Gurdwara Patti Sahib also called Gurdwara Maulvi Patti Sahib (‘Patti’ (Gurmukhi: ਪਟੀ) is a Gurmukhi word meaning ‘alphabet’) is built at the site where Guru Nanak at a young age learned the various different languages then used in the Punjab, each with its own distinct alphabet.
This shrine lies midway between Gurdwara Janam Asthan and Gurdwara Bal Lilah along the road leading from Janam Asthan to the railway station in Nankana Sahib. The city has been renamed after its most famous native son Guru Nanak Dev ji. Once known as the village of Talwandi the town is located in West Punjab, Pakistan.
Born on the 15th of April 1469. Nanak was named after his elder sister Nanaki who was named so because of her being born at the house of her "Nana" (maternal granddad or grandfather on mother's side) in the village of Dera Chahal in Lahore district.
As a young child Guru Nanak first studied Punjabi with Pandit Gopal, then Sanskrit with Pandit Brij Lal and at 13 years of age he mastered Persian studying with Maulvi Kutab Ud Din. Hence Patti Sahib is also known as Gurdwara Maulvi Patti Sahib. .....More
Kara shown here worn on the wrist of the dominant arm
I am President and Vice-Chancellor, Thompson Rivers University, Kamloops, British Columbia, Canada. In December 2004 my wife and I visited India for the first time.
During that trip, most of which was in Punjab, I noticed that almost everyone wore bangles. I asked my host, Mr. Ron Mundi, about his bangle and he told me the religious reason that Sikhs wore the kara. He also mentioned that he attributed his recent good fortune and good luck to wearing it. Several days later, our group travelled to Amritsar to visit the Golden Temple.
While there, I purchased a simple kara for my right wrist. It was my intention to wear it for awhile and then take it off when I returned to Canada several weeks later.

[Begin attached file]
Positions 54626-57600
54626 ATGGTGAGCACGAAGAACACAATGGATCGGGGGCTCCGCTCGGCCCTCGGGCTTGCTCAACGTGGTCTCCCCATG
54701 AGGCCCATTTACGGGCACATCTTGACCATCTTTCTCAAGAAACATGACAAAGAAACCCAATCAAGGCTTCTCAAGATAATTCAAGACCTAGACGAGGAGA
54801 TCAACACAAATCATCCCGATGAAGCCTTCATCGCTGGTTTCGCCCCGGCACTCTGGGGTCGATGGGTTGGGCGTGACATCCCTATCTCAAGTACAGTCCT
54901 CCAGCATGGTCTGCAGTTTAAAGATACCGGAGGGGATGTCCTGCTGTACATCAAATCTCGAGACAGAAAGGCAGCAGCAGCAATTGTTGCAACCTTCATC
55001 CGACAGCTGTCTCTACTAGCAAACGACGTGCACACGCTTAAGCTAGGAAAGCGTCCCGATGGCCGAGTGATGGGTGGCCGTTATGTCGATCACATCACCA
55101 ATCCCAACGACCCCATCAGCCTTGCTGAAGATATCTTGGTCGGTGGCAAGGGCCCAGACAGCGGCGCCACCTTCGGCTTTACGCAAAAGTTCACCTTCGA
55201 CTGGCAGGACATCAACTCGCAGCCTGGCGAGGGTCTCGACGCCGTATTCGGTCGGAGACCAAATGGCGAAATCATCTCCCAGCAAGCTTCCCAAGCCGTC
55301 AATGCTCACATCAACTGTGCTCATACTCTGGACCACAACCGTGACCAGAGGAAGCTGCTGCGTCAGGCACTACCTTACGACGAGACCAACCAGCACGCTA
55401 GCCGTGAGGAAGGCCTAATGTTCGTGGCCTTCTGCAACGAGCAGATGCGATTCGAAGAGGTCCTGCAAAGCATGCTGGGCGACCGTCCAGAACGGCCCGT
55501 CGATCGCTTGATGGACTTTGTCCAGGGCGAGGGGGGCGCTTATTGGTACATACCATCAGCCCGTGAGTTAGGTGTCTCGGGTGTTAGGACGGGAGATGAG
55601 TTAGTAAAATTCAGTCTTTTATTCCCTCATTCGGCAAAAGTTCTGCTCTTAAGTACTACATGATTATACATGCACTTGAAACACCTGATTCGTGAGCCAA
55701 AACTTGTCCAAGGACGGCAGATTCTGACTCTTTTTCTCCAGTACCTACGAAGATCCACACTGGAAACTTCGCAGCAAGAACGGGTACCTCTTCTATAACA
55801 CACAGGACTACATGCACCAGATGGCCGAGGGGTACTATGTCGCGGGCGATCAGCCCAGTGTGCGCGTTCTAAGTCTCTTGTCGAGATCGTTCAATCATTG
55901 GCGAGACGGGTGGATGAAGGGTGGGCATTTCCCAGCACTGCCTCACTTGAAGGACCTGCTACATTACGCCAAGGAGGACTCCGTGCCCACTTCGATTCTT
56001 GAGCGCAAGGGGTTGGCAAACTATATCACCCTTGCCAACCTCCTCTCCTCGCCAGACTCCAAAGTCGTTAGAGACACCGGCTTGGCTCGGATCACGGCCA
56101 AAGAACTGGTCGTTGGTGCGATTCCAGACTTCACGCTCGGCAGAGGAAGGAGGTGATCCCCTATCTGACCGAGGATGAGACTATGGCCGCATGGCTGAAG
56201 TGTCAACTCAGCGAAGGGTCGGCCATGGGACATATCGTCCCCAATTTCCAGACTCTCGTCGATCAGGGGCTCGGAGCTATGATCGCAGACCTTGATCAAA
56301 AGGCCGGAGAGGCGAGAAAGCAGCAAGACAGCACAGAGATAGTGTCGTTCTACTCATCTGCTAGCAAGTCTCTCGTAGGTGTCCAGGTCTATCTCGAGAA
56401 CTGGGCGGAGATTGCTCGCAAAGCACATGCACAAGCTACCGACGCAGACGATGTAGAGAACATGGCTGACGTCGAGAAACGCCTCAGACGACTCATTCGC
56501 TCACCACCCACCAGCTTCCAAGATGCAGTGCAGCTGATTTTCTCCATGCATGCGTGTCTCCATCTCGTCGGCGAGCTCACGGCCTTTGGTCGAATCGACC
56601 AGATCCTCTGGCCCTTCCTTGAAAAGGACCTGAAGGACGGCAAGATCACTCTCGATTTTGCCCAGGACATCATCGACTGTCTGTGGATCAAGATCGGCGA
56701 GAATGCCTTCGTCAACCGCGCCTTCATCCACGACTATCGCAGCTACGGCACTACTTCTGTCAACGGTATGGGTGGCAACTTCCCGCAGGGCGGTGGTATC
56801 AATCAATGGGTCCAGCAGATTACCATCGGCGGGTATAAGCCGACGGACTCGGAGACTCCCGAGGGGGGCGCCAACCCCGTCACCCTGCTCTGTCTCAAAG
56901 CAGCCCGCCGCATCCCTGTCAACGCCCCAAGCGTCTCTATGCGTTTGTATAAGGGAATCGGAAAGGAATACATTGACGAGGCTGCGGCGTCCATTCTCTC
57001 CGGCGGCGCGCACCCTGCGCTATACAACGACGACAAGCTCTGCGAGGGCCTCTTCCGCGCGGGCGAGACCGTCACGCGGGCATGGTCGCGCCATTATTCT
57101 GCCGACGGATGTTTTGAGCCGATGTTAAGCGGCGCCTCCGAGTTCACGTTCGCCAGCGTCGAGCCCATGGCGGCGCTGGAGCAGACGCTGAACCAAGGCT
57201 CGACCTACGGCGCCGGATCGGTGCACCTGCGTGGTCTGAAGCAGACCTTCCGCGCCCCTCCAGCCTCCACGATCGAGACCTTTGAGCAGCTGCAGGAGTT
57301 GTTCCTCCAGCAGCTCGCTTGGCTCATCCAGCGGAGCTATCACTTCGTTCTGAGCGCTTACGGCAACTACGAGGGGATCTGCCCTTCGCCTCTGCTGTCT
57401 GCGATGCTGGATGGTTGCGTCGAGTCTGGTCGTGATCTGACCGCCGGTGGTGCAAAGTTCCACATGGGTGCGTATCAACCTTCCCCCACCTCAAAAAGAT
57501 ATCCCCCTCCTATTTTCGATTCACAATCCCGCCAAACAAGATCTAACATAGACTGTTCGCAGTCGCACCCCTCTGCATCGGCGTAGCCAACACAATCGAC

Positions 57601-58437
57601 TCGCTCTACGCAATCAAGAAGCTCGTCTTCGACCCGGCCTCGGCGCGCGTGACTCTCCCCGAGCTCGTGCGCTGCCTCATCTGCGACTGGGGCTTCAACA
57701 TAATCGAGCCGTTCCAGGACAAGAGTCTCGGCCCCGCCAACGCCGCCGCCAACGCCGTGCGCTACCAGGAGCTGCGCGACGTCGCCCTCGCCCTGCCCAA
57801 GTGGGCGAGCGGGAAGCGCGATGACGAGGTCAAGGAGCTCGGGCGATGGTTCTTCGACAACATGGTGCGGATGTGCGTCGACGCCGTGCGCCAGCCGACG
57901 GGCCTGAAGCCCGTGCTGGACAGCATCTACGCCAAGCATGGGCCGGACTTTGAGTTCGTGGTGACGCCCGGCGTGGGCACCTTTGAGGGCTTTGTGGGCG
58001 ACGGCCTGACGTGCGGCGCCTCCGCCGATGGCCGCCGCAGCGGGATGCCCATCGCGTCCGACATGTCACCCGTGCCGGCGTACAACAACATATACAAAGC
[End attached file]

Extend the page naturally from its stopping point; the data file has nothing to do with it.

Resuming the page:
On December 24, 2004 my wife and I flew from Delhi to Krabi, Thailand. We spent Christmas Day snorkelling offshore on an island in the Andaman Sea. .....More
Akhand Jaap November 2006
- .... that Akhand Jaap - is a movement instigated by the youth as a "World Prayer for Peace". It involves the continuous repetition of the word "Waheguru" (Wonderful Lord) which is sung continuously from 1 to 24 hours; It is continuous meditation without interruption. The sangat (congregation) is led by various groups of 'Kirtanias' or Ragis (musicians) in succession and the whole of the congregation join in.
- ..... that Siropa is a term adopted from Persian sar-o-pa (head and foot) or sarapa (head to foot) meaning an honorary dress and is used in Sikh vocabulary for a garment, scarf or a length of cloth bestowed on someone as a mark of honour.
Once there was no rain in a particular area for an extended period resulting danger to the crops. In some areas, the crops had already been destroyed.
So the local people of that area decided to do Ardas - a prayer or supplication to God so that their crops may be saved. Many hundreds of people gathered together at the designated place for this Ardas.
While this gathering was in progress, a passing Sikh Saint stopped by. He asked one of the crowd why there was such a big crowd gathered and what was the purpose of the gathering. One of them told the Sikh Saint that that they had gathered here to do Ardas because the crops will be destroyed in the absence of rain; they were going to ask God for rain.
The Saint said that was a good thing that they were doing an ardas but he did not see anyone carrying an umbrellas or "barsatie" (rain coats)…. When Waheguru (God) accepted your Ardas then there will be lot of rain. One group leader laughingly said, "But we do not know whether it will rain or not."
The Saint said, "How will your Ardas be accepted when you do not have faith in Waheguru" . He told them all to go home .
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